Tuesday, June 04, 2013

Reflecting on the 83rd Texas Legislature's criminal justice record: Blow by Blow

The 83rd Texas Legislature overall had a good session on criminal-justice issues, said Rick Casey at the SA Express News, and in large part Grits would have to agree. There were also a few setbacks, however. Let's take a look at both.

Innocence: Discovery and junk science reform
Photo via the SA Express-News
Casey praised passage of the new open-file statute dubbed the "Michael Morton Act" and SB 1238 by Hinojosa expanding the jurisdiction of the Forensic Science Commission, both of which were undoubtedly big improvements. But they're not the only ones.

Prosecutors will receive more training on Brady issues, and the Lege passed SB 825 by Whitmire would disallow the state bar from issuing private reprimands to prosecutors who withhold exculpatory evidence from the defense. SB 1292 would require DNA testing of all biological evidence gathered in death penalty cases.

Another important bill headed to the Governor is SB 344 by Whitmire clarifying standards for relief for habeas corpus claims in junk science cases. This has been a long time coming and just in time, too, as more and more such cases have been reaching the Court of Criminal Appeals over the last several years. Slowly but surely the Lege is plowing through the recommendations of the Timothy Cole Advisory Panel on Wrongful Convictions. With the passage of SB 344, they've now approved five of the six major legislative recommendations made by that group. Requiring police to record custodial interrogations is the big one yet to go.

On the flip side, the Legislature sent SB 12 by Huffman to the Governor eviscerating Rules 404 and 405 of the rules of evidence in child molestation cases, a bill Grits has opposed in years past. This was sort of an anti-innocence bill, making it easier to convict people who aren't guilty of the offense for which a grand jury indicted them. The House version couldn't get out of the Criminal Jurisprudence committee so Rep. Debbie Riddle asked for the senate bill to be assigned to her "select" committee on criminal procedure reform, which waived it on through. Given this episode, Grits worries what that house panel - which was assigned the Herculean task  of rewriting the Code of Criminal Procedure - will end up recommending headed into next session. Seems like an ill omen.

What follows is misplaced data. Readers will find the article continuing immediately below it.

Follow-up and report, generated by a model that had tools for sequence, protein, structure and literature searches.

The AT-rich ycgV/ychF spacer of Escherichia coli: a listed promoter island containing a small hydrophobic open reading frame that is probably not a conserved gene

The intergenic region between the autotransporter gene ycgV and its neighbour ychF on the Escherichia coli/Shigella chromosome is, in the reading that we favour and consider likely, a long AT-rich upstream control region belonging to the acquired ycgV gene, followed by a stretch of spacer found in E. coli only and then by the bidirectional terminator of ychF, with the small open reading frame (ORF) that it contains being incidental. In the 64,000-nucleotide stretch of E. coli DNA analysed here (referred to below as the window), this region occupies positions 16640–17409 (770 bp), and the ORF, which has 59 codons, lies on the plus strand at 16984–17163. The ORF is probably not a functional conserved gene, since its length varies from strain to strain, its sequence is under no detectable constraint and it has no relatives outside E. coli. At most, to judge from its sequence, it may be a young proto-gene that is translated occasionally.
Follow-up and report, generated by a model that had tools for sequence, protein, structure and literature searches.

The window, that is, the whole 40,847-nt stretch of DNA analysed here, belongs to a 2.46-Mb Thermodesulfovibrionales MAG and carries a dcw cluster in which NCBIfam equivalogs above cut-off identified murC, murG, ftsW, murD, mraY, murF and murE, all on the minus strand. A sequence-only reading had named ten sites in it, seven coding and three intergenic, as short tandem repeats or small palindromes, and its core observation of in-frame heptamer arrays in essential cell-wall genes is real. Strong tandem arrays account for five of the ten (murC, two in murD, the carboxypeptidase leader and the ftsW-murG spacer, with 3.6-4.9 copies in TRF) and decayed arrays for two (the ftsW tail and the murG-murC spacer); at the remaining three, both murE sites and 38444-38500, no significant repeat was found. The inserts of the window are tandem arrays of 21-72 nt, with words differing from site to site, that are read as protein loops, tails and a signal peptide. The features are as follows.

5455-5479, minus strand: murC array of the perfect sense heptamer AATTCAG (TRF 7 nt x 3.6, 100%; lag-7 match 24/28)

The Lege also restored money cut in 2011 from innocence clinic budgets at Texas' four public law schools. The Senate and even a conference committee working group recommended increasing that amount to $150K per year, but House Appropriations Chairman Jim Pitts vetoed it at the last moment. Legislation to allow dependents of exonerees to receive health insurance under their policies stalled out in the Calendars Committee.

Fusion Center funding restored
Not every outcome was positive. Despite earlier reports that the House budget eliminated funding for DPS' fusion center, most of the money was reinstated under the general heading of "intelligence" in the conference committee and the fusion center will continue to operate, reported the Austin Statesman. Too bad, I consider that thing redundant and nearly worthless for assisting day-to-day law enforcement functions.

CO, trooper raises of different magnitude
Correctional Officer pay at TDCJ will increase 10% over the next biennium. But every other law enforcement agency in the state got a whopping 20%, so guards are still grumbling. Since the amount taken out of their paychecks for retirement will also increase, the actual raise COs will see this fall will come in around 1%, according to the union. By contrast, for troopers "When coupled with an existing program that allows DPS troopers to earn overtime for working an extra hour a day, the cumulative increase in pay could total as much as 35 percent," reported the Austin Statesman. Grits can't immediately tell if troopers will take the same ding as COs on their retirement contributions.

Prison closures timid but welcome